Maggid, the recounting of the story of the Exodus and one of two Biblically-mandated mitzvot of the Seder, is recited on the night of Pesach following Kiddush, washing and eating the Karpas vegetable, and breaking the middle matzah. As soon as Maggid begins, immediately preceding the Four Questions and the remainder of the Rabbinic selections that are used to describe Yetziat Mitzrayim, a short paragraph beginning with the words Ha lachma anya is recited:
This is the bread of affliction which our ancestors ate in the Land of Egypt. All who are hungry, let them come and eat; all who are needy, let them come and celebrate the Passover! This year we are here; next year – in the Land of Israel. This year we are slaves; next year – free men.
What is the purpose of this paragraph? It seems to be out of place, for a true invitation should come at the beginning of the Seder, rather than after Kiddush. Moreover, there is no indication that people are supposed to cry this paragraph aloud at their front doors, as would befit a true invitation; rather, it seems to be ceremonial and, accordingly, disingenuous. Finally, the invitation itself is Halachically dubious: only individuals who had previously arranged to eat the Korban Pesach (Passover sacrifice) together are legally permitted to partake of the sacrifice, whereas the above paragraph states that, “All who are needy, let them come and celebrate the Passover” – technically an invitation to eat the Korban Pesach with the rest of the household. Should someone accept, the Halacha would demand that this invitation be immediately rescinded.
The answer can be ascertained by noting that only two holidays in the Jewish calendar carry with them the potential punishment of karet – being “cut off” – should they be violated: Pesach, by eating chametz or refusing to offer the Korban Pesach, and Yom Kippur, by eating during the fast or by doing forbidden melacha-work during the day. While the nature of karet has long been debated, the simplest manifestation of this unfortunate consequence is clearly defined in the Torah: it means that the person is cut off from the Jewish People. (The various Rabbinic interpretations of karet are simply attempts to understand the ramifications of this reality, rather than alternate interpretations of that which is plainly stated in the Bible.)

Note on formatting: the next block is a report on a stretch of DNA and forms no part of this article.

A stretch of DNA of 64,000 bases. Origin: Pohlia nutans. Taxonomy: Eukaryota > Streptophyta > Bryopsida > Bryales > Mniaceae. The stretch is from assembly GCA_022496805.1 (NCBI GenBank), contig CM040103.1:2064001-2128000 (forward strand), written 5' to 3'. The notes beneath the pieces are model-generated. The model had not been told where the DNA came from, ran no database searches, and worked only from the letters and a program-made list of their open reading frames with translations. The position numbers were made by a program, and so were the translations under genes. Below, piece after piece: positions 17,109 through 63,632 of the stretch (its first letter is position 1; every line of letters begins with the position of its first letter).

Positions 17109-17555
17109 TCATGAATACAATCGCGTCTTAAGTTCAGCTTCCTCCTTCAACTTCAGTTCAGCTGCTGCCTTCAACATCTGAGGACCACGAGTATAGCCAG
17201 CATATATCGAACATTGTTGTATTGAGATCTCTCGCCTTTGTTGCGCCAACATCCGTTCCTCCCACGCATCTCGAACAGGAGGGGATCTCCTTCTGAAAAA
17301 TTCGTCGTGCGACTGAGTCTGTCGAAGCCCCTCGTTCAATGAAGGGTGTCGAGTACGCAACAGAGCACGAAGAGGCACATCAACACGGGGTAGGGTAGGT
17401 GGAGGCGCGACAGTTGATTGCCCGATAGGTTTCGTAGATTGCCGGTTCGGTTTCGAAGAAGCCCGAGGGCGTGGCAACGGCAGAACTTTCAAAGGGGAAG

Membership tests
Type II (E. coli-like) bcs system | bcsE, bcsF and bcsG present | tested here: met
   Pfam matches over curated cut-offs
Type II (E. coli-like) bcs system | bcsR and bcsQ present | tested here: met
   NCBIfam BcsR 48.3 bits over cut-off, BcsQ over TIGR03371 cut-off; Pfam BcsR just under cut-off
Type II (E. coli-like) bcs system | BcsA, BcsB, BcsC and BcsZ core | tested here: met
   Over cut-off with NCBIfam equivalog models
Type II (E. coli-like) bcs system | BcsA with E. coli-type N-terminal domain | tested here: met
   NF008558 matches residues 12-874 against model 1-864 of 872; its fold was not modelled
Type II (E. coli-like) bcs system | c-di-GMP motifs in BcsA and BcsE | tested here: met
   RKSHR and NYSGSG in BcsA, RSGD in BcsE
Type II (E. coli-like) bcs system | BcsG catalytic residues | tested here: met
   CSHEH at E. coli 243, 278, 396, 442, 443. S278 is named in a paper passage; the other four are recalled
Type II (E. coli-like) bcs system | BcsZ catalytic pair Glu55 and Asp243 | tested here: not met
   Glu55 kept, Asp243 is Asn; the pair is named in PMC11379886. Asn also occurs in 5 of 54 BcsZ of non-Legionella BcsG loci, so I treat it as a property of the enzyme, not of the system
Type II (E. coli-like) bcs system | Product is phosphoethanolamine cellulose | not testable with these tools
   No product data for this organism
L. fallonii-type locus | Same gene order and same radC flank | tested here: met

According to the scholars of Jewish mysticism, the Jewish People as a metaphysical entity (“Knesset Yisrael”) is identified with the Shechinah, the Divine Presence. Knesset Yisrael does not refer to an individual Jewish person, or even the sum total of all Jews alive today, but instead to the Jewish People across time and space: the Jewish Nation, that is, as a single, indivisible unit that transcends its current spatial and temporal boundaries. In a manner impossible to quantify scientifically, then, this metaphysical unit of which every Jewish individual takes part is the Divine Presence Itself.
The course of Jewish history, both ancient and modern, bespeaks this equation. We can never fully trace the sources of our faith; indeed, the experience of the Divine should exceed the intellectual content of any attempted proof of the truths of religion. Nevertheless, who is not struck by the strange, almost unbelievable reality that is the Jewish People? Its history is singular, its accomplishments unrivalled, its hold on the human imagination inexplicable. It was the primary source of monotheism, the most important idea in history; it gave the world the Bible, the most influential book in history; it spawned two religions that encompass half the population of the globe; it has repeatedly violated every rule of historical empiricism. People can love the Jewish People or hate the Jewish People, but no one can remain indifferent to the Jewish People. The greatest crime in history was perpetrated against them; the most unlikely occurrence in modern history – the emergence of a thriving State of Israel despite its being the most scrutinized and hated country on earth – happened to them. Their contributions to technology and medicine, academia and law, business and entertainment, physics and economics exceed their expected impact a hundredfold, or perhaps more. Whatever this phenomenon means, it is unquestionably a source of wonder.